Walker composed the songs for the album between 1991 and 1992 except "Manhattan" which was written in 1987 and the final song "Rosary" which was composed in 1993. The album was recorded at RAK Recording Studios and Townhouse Studios in the UK and its release had been expected as early as 1992 but was not completed until 1995. The album is the first installment of a "trilogy" that went on to include The Drift (2006) and Bish Bosch (2012).
The songs on the album have a decidedly bleak, forlorn and funereal mood; the lyrics are replete with arcane allusions and recondite wordplay and ellipses. Like Walker's previous effort, Climate of Hunter (1984), Tilt combines elements of industrial music with European avant-garde and experimental influences. The unusual literary, musical and performance qualities of Walker's songwriting and singing are reminiscent of the lieder and "art song" traditions — forms which long predate the era of recorded popular music and electronic media.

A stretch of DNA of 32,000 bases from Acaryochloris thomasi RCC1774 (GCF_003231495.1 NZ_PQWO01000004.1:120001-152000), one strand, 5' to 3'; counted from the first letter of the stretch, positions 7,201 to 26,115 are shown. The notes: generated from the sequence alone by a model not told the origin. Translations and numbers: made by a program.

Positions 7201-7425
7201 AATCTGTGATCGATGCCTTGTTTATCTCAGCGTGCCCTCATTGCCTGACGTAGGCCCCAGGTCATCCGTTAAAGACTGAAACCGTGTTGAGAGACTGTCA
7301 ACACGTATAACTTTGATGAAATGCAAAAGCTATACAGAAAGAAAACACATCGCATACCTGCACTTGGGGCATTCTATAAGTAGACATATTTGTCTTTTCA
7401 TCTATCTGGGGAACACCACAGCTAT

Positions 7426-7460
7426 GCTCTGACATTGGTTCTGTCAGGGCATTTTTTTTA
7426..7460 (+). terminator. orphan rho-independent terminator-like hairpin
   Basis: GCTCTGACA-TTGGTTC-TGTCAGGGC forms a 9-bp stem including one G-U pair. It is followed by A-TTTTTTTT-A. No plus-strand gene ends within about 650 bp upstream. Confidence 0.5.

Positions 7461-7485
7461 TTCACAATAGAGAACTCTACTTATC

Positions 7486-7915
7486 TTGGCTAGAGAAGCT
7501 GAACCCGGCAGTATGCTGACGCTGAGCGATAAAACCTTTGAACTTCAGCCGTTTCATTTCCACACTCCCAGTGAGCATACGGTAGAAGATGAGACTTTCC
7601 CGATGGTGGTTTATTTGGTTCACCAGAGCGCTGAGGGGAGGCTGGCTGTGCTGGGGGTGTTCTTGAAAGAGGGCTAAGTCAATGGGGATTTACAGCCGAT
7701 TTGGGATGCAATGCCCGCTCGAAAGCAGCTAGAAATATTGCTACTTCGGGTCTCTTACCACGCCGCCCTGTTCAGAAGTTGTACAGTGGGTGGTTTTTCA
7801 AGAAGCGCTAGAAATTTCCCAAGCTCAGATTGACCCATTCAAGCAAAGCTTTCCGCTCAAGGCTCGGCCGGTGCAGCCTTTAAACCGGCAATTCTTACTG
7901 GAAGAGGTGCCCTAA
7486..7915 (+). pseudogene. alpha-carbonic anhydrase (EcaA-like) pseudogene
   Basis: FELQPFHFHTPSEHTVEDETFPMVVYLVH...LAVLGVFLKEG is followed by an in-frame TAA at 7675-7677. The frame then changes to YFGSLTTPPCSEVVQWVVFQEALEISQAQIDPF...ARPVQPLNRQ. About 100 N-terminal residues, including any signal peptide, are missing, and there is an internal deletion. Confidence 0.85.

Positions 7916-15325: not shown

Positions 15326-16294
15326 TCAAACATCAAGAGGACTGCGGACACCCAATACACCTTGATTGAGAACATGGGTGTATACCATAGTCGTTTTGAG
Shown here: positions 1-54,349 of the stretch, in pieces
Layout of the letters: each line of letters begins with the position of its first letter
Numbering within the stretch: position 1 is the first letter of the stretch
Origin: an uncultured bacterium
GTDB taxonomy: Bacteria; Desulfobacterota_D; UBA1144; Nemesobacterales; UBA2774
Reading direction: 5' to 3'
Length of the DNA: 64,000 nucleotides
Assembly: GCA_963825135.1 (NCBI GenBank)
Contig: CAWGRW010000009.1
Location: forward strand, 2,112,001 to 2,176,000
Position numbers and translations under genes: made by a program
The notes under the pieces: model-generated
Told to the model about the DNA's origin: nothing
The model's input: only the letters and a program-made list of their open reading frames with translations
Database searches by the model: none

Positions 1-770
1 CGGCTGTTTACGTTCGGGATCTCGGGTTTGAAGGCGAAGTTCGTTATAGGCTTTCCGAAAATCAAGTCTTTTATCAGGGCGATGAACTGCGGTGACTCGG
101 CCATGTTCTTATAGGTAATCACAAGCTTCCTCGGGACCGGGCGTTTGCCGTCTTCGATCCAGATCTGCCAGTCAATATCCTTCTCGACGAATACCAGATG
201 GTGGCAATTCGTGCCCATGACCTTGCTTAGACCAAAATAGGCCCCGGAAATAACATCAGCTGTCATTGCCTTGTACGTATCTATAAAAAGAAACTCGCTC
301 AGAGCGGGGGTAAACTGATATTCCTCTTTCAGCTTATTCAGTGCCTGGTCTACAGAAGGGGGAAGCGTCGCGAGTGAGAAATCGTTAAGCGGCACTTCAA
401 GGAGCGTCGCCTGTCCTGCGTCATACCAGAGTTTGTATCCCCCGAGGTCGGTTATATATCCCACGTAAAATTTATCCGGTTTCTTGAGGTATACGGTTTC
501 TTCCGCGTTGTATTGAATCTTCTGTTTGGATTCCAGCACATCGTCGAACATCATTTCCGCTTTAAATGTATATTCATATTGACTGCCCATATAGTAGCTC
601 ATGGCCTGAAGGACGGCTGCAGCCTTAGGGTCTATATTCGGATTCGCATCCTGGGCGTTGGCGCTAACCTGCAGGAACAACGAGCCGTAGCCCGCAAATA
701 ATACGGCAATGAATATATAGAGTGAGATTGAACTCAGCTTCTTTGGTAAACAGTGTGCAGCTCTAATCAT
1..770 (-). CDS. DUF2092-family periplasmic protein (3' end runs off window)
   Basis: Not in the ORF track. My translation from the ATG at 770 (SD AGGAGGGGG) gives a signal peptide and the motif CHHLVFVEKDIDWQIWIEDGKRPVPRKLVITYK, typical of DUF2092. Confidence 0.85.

The compositions emphasize abstract atmospherics over harmonic structure, with minimalist, slightly discordant "sound blocks" and trance-like repetition rendered through carefully nuanced instrumentation and sparsely deployed sonic effects. Walker's voice resonates in a cavernous echo, taking on a haunted, distant, desolate quality, which one reviewer characterized as "Samuel Beckett at La Scala".
In addition to a core lineup of musicians playing rock instruments, the recording also features contributions from the Strings of Sinfonia of London and the Methodist Central Hall Pipe Organ, which were arranged and conducted by frequent collaborator Brian Gascoigne. Tilt is also notable for being a now-rare[dubious – discuss] instance of a contemporary musical recording which was actually recorded live in the studio without the enhancement of any electronic sample-based synthesis or guide tracks.